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One of the
best reasons for composting and spreading the finished product is that you
are providing a perfect food for earthworms.
The benefits of
earthworms are well-known. They are tireless tillers of our soils and
their castings are the richest and best of all fertilizers. It is would be
impossible to ever have too many in our gardens, unless you don't want
lush, healthy plants!
Earthworms need moist soil to survive. Our
dry North Texas summers are lethal to many, especially those that happen
to end up in the lawn areas that receive full exposure to the merciless
summertime sun. It is no wonder that people have so many problems with
their lawns - they are inhospitable to the creatures that do the most to
benefit the soil, and without healthy soil you won't have healthy plants.
During periods of drought, the earthworms recede deeply into their
burrows, which can be six feet deep. The mucous from their exterior helps
to provide structure to their burrows so that they do not collapse.
Rototilling the soil can be harmful to earthworms. Not so much
from the machine, as they flee from vibration, but mostly because their
food supply is depleted rapidly when exposed to oxygen. If you rototill,
you should immediately cover the area with partially finished compost or
The most common garden earthworm, the
nightcrawler (lumbricus terristris) is not native to North America and was
in fact brought,over in potted plants by Europeans. Most of the native
North American earthworms were killed during the last Ice Age 10 to 15
thousand years ago. This is one case of where the accidental introduction
of a foreign species has been beneficial.
Garden earthworms are
not to be confused with composting worms that can be kept in containers.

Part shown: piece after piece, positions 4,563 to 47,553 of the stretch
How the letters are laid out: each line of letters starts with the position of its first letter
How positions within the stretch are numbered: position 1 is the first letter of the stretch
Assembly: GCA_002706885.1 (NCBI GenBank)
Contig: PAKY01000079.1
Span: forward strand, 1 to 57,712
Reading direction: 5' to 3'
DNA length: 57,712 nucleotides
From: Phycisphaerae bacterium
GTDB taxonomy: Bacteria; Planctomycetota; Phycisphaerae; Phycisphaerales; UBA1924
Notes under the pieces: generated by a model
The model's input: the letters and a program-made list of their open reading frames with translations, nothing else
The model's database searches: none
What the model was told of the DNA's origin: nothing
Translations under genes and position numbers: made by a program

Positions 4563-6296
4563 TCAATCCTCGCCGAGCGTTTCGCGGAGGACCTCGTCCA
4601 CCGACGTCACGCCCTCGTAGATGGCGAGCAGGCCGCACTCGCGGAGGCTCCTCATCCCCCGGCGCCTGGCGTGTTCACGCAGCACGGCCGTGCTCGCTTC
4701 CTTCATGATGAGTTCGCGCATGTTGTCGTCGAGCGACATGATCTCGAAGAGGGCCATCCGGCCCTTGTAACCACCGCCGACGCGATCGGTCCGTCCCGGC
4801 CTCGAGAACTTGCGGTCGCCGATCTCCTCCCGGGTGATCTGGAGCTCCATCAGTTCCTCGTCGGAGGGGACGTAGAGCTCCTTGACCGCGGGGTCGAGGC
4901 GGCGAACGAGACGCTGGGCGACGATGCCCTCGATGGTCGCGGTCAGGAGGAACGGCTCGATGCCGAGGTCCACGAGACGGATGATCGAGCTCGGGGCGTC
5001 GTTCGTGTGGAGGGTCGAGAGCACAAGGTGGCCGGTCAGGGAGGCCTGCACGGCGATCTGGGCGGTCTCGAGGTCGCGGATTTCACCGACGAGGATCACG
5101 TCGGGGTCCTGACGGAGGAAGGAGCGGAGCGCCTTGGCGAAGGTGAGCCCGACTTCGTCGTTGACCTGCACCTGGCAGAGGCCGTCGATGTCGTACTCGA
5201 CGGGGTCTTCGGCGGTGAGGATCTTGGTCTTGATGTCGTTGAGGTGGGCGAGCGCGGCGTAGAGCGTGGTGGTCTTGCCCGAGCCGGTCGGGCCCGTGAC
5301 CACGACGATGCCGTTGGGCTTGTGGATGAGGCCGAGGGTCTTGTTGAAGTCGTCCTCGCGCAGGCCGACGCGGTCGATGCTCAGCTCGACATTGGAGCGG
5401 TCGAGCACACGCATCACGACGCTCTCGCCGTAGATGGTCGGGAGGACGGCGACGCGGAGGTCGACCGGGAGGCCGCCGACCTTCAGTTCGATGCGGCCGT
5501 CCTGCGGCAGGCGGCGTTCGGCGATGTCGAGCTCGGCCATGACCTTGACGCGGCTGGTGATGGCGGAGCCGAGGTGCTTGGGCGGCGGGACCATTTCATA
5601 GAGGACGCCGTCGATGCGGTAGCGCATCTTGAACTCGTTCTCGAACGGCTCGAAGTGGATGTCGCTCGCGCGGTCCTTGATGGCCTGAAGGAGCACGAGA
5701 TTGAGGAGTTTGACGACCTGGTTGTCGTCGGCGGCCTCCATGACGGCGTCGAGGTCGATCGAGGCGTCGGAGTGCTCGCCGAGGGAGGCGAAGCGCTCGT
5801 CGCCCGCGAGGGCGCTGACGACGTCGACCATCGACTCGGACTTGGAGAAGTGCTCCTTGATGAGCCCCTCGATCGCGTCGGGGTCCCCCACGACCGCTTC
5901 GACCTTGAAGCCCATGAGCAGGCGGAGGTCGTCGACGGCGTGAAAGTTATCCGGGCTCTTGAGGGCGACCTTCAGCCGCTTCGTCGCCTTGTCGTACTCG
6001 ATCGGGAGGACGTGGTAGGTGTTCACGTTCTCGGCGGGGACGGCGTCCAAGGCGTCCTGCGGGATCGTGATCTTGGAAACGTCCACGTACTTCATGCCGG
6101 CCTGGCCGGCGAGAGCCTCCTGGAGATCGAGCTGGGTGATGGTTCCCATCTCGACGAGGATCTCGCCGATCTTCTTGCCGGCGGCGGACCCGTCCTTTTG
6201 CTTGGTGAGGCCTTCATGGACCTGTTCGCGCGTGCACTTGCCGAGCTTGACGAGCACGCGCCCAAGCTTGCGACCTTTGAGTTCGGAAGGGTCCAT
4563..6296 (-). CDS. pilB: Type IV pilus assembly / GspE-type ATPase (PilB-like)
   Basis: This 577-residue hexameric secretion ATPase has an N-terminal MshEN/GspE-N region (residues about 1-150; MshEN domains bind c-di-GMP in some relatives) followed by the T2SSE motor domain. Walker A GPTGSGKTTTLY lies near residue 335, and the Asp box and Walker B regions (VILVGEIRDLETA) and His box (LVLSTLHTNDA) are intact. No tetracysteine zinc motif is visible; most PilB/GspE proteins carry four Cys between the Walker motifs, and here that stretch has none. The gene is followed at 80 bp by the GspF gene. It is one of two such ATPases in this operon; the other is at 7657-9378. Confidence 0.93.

L. terristris is a burrower, and will kill itself trying to burrow in a
worm bin. Composting worms cannot tolerate temperature extremes, and
though they can survive inside a compost pile, will perish if left to
their own in garden soil. (Personally, I think that the compost worm
gets more attention that it deserves relative to L. terristris, at least
here in suburbia, where food waste volume is small relative to yard waste
volume. Densely populated cities and apartment complexes are more
appropriate for indoor worm bins.)
Worms are hermaphroditic,
meaning that they possess both sets of sex organs. However, they still
need to mate with another worm in order to produce offspring. The raised
band that encircles the worm is actually a carrying case for its eggs.
Once the eggs are formed, the band migrates along the worm's body and it
is then shed and the eggs left to hatch.
A few more facts about
our subterranean allies...
- have been kept
alive for 6 years, but in the wild probably live two years at the most;
- do not have lungs, breathe through their skin, and can live under
water for a while;
- do not come to the surface during rain to escape
drowning, but rather to find a mate since their mobility is much better on
- lack eyes but are light sensitive;
- can detect the
motion of a robin (that can hear the earthworm in its burrow);
survive being frozen if the freeze is not too rapid
If you want to
learn more about earthworms, the references below are excellent sources
(especially the third one - it is enormous!). Amazon.com has books on
earthworms, but nothing that looked good enough to buy.
Maintaining a healthy population of worms is easy. Just use common
sense and see that they have a moist, well-mulched habitat with plenty of
decaying matter. Take care when turning the compost pile. A pile interior
might contain dozens of worms, so try to relocate them to an area where
they will have a good chance in which to burrow deeply. Worms are
resilient, have a high reproduction rate, and can survive without us. But
with just a little help they can be made to flourish. And you can forget
about ever needing a rototiller.
1. "Earthworms", by John Mertus, 1993:
Encyclopedia Britannica Online:
3. The Southern Crop Protection and Food Research Centre (Canada)
Earthworm FAQ: http://res.agr.ca/lond/pmrc/faq/earthwor.html